Anderson, a former Sydney Swifts assistant coach and assistant to ex national coach Lisa Alexander – who was overlooked for the Firebirds role in favour of the 46-year-old – said she was humbled to win the post and excited to lead the Super Netball club.“I knew there would be some big-name coaches going for (the position) and it’s just humbling to get offered any position like this,” Anderson said.“These sort of roles don’t come around often, so I’m just super grateful to be given the opportunity.”The Firebirds made enormous gains this season to finish just outside the finals and have only strengthened their squad for next year as Diamonds Gretel Bueta and Kim Ravaillion return from maternity leave to bolster the squad.Anderson, who won 20 Diamonds caps as a player, has strong relationships with several of the Firebirds players from her time as an Australian assistant and hopes to be able to build a quick and strong rapport with her new team.“I’ve had a lot of dealings with Gretel (Bueta) and Gabi (Simpson) over the years and also Kim Jenner in the last 12 or so months, so it’s really good to be familiar with a lot of them before coming in,” she said.“I was really impressed, especially with the second half of the season. They lost a few in the first half and came home so strong in the second half of the season and that just shows such character from such young players.”Super Netball commentator and former Diamond Cath Cox said the Firebirds had made an “exceptional move”.“It’s always a gutsy thing to take on a coach that hasn’t had experience at a national league level before and is young,” Cox said.“She’s had plenty of experience with the Diamonds but it is still a very bold move and a very smart one, she’s going to be a great asset for them.“The Firebirds have had coaches throughout the years that they’ve held on to, they really like to look after their own and keep them in the system and she’s a perfect one to be able to do that and start that new generation.”Anderson, who will move her young family, including six-year-old twins Thomas and Olivia to Queensland for the job, takes over from Roselee Jencke who led the club to three premierships in her 11-year tenure.“She’s big shoes to follow, that’s for sure, I’ll be very different to Rose in my approach – not in a good or a bad way, just different – and hopefully just that fresh outlook will be good for the players as well.”

Posted by: | Posted on: November 4, 2020

Netball star’s retirement backflip

Mid-courter Browne announced in early September that her career was over after re-injuring her right knee while playing for Collingwood in the Super Netball competition.“Season 2020 was always set to be my last and I have cherished every minute I have been able to be out there on court,” Browne said in a statement released by Collingwood.“It is sad to miss out on the best, which is competing at the elite level, but in making this decision I am looking to avoid the worst and take control of my life beyond netball.”But 32-year-old Browne has changed her mind to “embrace” the “challenge” of playing abroad.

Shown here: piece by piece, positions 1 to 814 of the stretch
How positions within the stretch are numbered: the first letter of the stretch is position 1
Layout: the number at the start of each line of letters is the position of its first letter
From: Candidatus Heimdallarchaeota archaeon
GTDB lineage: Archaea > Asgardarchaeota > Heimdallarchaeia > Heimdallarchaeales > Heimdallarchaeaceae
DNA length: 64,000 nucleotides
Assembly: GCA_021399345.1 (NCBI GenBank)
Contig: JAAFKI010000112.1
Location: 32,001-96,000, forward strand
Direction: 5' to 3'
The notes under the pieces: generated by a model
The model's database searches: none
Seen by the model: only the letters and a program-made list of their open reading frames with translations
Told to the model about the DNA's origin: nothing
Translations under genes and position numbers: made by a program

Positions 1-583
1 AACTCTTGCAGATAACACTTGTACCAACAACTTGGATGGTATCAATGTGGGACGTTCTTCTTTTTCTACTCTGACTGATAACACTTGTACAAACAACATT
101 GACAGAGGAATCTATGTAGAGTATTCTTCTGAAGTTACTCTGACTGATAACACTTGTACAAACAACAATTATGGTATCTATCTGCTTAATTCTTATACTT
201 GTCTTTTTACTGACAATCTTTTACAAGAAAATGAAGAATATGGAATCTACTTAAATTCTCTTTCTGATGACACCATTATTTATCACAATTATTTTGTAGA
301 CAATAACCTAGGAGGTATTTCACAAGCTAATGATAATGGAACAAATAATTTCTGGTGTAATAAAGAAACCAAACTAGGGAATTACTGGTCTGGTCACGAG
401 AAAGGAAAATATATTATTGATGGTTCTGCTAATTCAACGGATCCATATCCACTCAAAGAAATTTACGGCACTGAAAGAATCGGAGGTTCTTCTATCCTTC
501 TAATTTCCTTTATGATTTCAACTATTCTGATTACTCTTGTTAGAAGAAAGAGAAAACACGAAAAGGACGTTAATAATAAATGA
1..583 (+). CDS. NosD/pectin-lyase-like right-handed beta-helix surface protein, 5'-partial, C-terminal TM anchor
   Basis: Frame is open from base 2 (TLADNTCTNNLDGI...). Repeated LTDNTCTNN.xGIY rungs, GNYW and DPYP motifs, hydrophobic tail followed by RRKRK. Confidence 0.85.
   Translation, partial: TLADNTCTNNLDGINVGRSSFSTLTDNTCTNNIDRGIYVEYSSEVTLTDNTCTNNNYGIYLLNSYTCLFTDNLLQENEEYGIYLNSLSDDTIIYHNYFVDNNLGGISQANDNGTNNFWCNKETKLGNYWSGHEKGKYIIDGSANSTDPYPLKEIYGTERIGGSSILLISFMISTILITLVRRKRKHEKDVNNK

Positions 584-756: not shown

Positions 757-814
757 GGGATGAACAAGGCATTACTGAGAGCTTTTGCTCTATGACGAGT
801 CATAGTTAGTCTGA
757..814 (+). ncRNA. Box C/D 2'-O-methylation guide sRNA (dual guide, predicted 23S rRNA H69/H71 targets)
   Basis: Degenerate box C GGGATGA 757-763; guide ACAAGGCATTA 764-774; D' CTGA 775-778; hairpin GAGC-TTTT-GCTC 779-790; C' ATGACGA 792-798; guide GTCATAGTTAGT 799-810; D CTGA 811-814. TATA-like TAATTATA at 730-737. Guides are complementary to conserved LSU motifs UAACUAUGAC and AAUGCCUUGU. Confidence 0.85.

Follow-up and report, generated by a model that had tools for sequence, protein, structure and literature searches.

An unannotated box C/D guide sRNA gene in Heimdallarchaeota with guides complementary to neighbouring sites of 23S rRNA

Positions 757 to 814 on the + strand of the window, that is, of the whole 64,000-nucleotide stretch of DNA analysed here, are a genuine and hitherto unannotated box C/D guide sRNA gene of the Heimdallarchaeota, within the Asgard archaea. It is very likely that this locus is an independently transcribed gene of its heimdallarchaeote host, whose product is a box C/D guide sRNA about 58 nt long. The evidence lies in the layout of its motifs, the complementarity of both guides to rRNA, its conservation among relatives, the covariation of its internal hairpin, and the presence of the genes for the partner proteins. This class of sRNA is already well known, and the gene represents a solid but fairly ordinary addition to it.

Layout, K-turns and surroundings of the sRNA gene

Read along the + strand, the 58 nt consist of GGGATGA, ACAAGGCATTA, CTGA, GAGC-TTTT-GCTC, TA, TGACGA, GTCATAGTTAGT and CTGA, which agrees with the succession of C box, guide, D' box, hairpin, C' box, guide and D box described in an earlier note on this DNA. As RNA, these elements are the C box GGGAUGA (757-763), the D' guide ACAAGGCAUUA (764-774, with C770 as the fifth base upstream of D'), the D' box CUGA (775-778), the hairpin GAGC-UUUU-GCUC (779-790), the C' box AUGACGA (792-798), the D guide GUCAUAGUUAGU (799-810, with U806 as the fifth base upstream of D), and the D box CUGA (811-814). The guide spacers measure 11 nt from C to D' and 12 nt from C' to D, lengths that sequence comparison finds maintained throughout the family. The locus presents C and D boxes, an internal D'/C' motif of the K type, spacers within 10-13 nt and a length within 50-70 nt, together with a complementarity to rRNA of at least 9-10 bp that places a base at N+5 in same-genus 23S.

“I am absolutely delighted to be coming to the UK to play for Leeds Rhinos,” Browne told the club’s website.“It was a dream to play netball abroad and thanks to Leeds this dream gets to become reality.“I’m ready to step outside my comfort zone of playing in Australia and inject my 15 years of elite netball knowledge into UK netball.“The set-up at Leeds is really impressive and with (coach) Dan Ryan in charge, I’m not surprised with the stellar list of players he’s already recruited. “I couldn’t help but be drawn into the shared vision emerging in Leeds, and the opportunity to assist in building a program from the ground up is an honour I don’t take lightly. “I love a challenge and am looking forward to embracing and growing with them as well as helping my team navigate through whatever comes our way.“Leeds already has a rich sporting culture and it’s exciting to make history being one of the inaugural players putting the Rhinos on the map for netball in the UK. “I look forward to developing new connections and relationships in another country and the chance to call it home. I can’t wait to move over and get started.”

Browne made 61 appearances for the Diamonds, retiring from international netball in July 2018.She will move to the UK in January, with the English Superleague season starting in February.Leeds coach Ryan said: “Madi is one of the most skilful, creative and admired players in our sport, and we are so proud and humbled to have her as part of the inaugural Leeds Rhinos team.“She’s so well respected worldwide not only for her incredible on court talents and long list of achievements, but the resilience and determination she has shown to defy the odds throughout her career. “She is a legend of the sport and our athletes are so fortunate to have the opportunity to play and train alongside an athlete and person of her class and calibre.”

Posted by: | Posted on: October 22, 2020